There are only slight price differences between 34 and 18-ounce sodas. McDonalds and Coca-Cola corporations were pushing independent franchises to lower the price of sodas to one dollar. While the goal of the ban is to cut down the consumption of soda, the government has the right to put their citizens’ health needs above free enterprise. The non-universality of the ban is unfortunate but this ban is merely a small step in the direction of curbing obesity rates. The fact that restaurants will not be able to serve gigantic portions of soda will not push New Yorkers from eating at those restaurants to eating their meals at 7-Elevens. These are clearly two separate markets; one for purchasing drinks the other for consuming them with meals. It is therefore wrong to conclude that this is any kind of barrier to free enterprise.
It is undemocratic to have the law pass through the board of health.
While the City has the right to exercise its abilities within the law to protect and aid New Yorkers, it must do so as a democratic body representing its constituents. The soda ban, whether it would actually do anything to curb obesity, is wrong because it isn’t representative of the people. Councilman Dan Halloran spoke at the ‘Million Gulp March’ in protest of the ban: “Mr. Mayor, if you want to make a law, go through your legislature, and make the law. Do not try to backdoor it through an administrative agency that is unaccountable to the people.” Mayor Bloomberg’s attempt to pass this ban without the input or approval of the people is undemocratic. The New York City Health Department is an eleven-person committee appointed by the Mayor. Thus, there is a large risk of Mayor Bloomberg exercising his personal will through this branch without any regulation. The proposed soda ban would be a fiat with the rubber stamp of approval from the Board of Health, but no citizen input.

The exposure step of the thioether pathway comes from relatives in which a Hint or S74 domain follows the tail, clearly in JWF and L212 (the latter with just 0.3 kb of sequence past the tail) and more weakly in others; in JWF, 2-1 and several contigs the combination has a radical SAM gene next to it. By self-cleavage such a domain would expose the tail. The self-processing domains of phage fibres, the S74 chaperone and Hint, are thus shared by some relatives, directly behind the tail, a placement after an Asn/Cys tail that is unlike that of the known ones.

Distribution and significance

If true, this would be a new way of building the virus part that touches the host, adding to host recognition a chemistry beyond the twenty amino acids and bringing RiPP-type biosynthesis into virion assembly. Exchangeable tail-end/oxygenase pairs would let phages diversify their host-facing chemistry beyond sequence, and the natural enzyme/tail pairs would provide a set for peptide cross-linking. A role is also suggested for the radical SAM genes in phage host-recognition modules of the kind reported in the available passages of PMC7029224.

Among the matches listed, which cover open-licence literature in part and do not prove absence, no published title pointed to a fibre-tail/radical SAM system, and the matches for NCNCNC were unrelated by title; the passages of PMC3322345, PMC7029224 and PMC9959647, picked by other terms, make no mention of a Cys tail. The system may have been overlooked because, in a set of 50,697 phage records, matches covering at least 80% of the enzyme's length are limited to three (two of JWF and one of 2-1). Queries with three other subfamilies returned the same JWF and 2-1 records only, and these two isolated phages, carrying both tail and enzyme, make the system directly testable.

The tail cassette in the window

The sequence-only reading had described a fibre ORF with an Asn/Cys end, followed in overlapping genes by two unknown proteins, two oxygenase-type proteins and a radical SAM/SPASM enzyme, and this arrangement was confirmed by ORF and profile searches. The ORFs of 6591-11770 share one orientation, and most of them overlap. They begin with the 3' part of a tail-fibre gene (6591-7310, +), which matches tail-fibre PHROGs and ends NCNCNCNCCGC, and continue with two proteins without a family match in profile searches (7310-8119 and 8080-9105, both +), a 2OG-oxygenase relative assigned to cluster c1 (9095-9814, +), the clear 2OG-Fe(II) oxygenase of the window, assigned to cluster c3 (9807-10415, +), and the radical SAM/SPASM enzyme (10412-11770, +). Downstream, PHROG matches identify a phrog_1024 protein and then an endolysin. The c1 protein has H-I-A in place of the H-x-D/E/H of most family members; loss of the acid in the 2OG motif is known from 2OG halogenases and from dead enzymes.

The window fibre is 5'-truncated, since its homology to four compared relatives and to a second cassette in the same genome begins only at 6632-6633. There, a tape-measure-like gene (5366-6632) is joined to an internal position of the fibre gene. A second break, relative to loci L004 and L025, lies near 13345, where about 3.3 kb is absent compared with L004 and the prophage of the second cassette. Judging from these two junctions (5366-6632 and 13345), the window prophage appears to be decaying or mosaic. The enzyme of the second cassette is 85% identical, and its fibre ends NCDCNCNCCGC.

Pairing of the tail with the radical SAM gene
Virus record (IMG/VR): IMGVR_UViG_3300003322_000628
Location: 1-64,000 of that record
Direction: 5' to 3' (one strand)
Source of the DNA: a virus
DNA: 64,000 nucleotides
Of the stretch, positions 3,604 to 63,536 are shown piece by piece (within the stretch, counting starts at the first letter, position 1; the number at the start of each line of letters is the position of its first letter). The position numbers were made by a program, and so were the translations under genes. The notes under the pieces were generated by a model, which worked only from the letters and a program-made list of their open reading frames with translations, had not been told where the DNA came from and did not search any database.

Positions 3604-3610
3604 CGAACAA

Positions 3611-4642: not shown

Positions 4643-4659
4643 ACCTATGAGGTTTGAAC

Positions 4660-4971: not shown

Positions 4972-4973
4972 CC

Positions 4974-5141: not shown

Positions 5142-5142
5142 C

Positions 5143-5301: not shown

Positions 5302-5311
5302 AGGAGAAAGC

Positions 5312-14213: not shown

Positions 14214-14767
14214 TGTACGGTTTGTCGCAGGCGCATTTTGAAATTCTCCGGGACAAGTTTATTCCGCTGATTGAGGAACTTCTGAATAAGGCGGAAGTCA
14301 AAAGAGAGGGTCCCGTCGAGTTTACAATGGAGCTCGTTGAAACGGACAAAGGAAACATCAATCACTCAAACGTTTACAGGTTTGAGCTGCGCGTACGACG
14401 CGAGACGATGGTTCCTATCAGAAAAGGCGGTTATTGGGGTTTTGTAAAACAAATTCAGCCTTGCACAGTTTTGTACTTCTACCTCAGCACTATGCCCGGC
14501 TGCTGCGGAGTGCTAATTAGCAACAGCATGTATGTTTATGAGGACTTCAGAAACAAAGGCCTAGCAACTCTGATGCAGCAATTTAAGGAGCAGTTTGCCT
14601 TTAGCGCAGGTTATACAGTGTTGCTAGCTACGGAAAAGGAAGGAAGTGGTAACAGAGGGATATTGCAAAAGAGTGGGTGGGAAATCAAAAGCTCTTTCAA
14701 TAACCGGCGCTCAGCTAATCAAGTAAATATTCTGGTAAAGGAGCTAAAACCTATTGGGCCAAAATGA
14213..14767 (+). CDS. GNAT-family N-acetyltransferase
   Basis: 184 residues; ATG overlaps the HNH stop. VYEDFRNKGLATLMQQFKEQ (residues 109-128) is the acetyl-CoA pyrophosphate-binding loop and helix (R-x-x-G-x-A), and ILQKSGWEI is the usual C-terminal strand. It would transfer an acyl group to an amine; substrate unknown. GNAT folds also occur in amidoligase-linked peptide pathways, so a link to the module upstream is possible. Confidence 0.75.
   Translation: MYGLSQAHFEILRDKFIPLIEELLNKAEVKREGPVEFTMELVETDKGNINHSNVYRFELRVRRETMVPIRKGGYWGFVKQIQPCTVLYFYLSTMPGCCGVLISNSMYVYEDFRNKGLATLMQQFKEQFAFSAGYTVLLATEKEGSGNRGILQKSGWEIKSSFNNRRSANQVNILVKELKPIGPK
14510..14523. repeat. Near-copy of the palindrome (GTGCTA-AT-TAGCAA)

First how democratic the governance of the city is does not detract from the right of the city government to restrict the size of soda drinks. The system of government has not been changed in order enact this particular regulation. Second it must be remembered that Mayor Bloomberg himself was elected. He was elected to a third term with 51% of the vote compared to 46% for his Democratic rival. To be elected for a third time in a Democrat stronghold gives him a good deal of electoral legitimacy.